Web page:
Santa Cruz Tech Beat


Emerging field of ‘forensic genealogy’ links DNA testing and family histories to solve cold cases

Richard “Ed” Green, an associate professor of biomolecular engineering at UC Santa Cruz

By Amanda Heidt
East Bay Times

January 21, 2020 — Santa Cruz, CA

(Photo: Richard “Ed” Green, an associate professor of biomolecular engineering at UC Santa Cruz, has developed tools to decipher ancient DNA, helping solve long-cold cases. Source: Randy Vazquez / Bay Area News Group)

UCSC Associate Professor Richard “Ed” Green and  Kelly Harkins Kincaid, a former UCSC postdoctoral researcher who is now the company’s CEO, have founded Astrea Forensics. The company has already solved dozens of cases and continues to work on dozens more.

When they’re planning to rob a liquor store, most criminals think to wear gloves and cover their faces. But few of them commit to shaving their heads to avoid leaving behind even a single strand of hair.

In the future, however, they may want to add that task to their modus operandi. Packed with DNA, hair is quickly becoming a powerful source to help catch lawbreakers.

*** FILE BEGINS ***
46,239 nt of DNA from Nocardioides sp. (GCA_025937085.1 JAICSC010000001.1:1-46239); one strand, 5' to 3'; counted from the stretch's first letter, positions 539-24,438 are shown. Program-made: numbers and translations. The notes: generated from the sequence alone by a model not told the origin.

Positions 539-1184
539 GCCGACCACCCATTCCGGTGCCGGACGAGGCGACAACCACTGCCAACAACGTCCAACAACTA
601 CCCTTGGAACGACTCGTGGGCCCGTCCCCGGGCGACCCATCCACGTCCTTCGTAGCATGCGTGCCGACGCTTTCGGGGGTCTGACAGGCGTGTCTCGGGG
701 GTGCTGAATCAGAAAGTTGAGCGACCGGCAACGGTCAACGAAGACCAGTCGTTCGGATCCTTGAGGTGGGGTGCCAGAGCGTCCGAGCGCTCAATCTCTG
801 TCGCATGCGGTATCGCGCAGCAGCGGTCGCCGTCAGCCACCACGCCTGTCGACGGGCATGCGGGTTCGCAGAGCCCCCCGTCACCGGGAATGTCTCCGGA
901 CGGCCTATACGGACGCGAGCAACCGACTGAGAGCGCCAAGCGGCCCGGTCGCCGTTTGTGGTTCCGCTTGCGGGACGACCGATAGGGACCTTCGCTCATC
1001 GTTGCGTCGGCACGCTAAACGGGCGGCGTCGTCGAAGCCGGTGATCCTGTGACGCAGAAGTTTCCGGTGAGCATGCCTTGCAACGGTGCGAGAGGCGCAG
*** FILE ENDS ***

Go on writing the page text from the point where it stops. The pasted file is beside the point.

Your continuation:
Hair has been notoriously tricky to analyze, but a new approach by UC Santa Cruz researchers — pulling DNA from samples that are damaged or contaminated — is expanding the available pool of forensic evidence. DNA and ancestry records are now being used together to build family trees to identify rotten apples among their branches.

Barbara Rae-Venter, a retired intellectual property attorney and genealogist, who helped crack the Golden State Killer case poses for a portrait near her Monterey Peninsula home. (LiPo Ching/Bay Area News Group) But while the rapidly emerging field of “forensic genealogy” is solving long-cold cases, it’s also raising thorny ethical questions about privacy. We all leave traces of ourselves wherever we go.

“Law enforcement gets excited about hair because often it’s all they have in the way of evidence,” said genealogist Barbara Rae-Venter, who has teamed up with Richard “Ed” Green, an associate professor of biomolecular engineering at UC Santa Cruz.

Green, known for his work on the remains of Neanderthals, has developed tools to decipher ancient DNA — often hundreds of thousands of years old.

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